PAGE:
Intel goes to 0.13 micron -- and is predicting 3-4GHz chips in a year or two.

From: Adam Rifkin (Adam@KnowNow.Com)
Date: Mon Apr 09 2001 - 10:09:30 PDT


Intel produces silicon using 0.13-micron technology
By Sam Costello

INTEL IS HOPING to score bigger profits and hit higher chip speeds early
next year by making its silicon at once both bigger and smaller. That was
the message Monday when the company announced that it had successfully
manufactured a 300-millimeter, 0.13-micron wafer.

Chips are manufactured on wafers, large disks of silicon, that have hundreds
of chips printed on them. The larger the wafer, the more chips can be made
from it. Currently, Intel uses a 200-millimeter wafer. Microns are the width
of the circuit lines printed onto the chips; the smaller width the better
the performance.

Deriving more chips from a wafer will result, long-term, in lower chip
prices and greater availability, said Howard High, a spokesman for Intel, in
Santa Clara, Calif. Monday's announcement represents a milestone, because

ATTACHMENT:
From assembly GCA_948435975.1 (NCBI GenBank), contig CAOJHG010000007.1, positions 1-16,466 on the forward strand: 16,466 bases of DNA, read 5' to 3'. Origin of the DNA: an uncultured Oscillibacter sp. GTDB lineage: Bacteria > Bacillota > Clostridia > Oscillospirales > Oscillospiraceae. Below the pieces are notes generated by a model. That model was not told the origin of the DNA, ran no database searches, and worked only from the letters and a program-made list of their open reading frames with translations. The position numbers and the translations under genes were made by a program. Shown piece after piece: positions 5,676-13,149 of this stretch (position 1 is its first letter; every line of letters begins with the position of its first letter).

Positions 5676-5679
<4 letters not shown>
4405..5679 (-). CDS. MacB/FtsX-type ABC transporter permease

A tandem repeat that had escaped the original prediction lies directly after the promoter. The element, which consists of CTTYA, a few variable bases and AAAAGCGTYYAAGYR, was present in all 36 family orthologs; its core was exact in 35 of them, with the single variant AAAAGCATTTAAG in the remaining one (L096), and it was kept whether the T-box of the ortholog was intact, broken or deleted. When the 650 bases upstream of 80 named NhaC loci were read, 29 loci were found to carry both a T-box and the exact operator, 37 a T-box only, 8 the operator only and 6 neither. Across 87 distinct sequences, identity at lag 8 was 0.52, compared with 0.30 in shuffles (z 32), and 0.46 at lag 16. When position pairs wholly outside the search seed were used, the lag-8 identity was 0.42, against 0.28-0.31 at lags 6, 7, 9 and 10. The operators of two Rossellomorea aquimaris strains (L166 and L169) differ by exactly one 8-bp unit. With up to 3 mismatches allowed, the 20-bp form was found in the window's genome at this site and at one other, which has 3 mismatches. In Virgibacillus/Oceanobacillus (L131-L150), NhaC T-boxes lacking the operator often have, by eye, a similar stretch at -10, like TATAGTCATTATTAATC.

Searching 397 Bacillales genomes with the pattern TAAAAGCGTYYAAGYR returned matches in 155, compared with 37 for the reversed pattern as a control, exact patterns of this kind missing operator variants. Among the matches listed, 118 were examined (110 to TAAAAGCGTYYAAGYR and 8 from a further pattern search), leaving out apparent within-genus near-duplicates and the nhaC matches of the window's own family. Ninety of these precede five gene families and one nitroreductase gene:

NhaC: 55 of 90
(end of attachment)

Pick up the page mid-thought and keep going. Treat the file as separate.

Intel has been able to produce a wafer from the new manufacturing process,
he said. Such an accomplishment indicates that Intel is still committed to
the 300-millimeter process, High said.

The techniques used to make the wafer announced Monday are slated to be
introduced into Intel's product line in early 2002, he said.

Along with the benefits of the larger wafer, the smaller micron size will
translate to more chips per wafer, as well as faster, cheaper, and more
reliable chips, High said.

To illustrate the projected evolution of the chips, High said that the
Pentium III, a 0.25-micron chip, ran at about 600Mhz. The Pentium 4, a
0.18-micron chip using the process employed today, runs at up to 1.5GHz
currently and will hit 2GHz by the end of the year. The 0.13-micron chips,
however, will use copper rather than aluminum wiring and are likely to run
as fast as 3GHz to 4GHz in the next year or two, High said.


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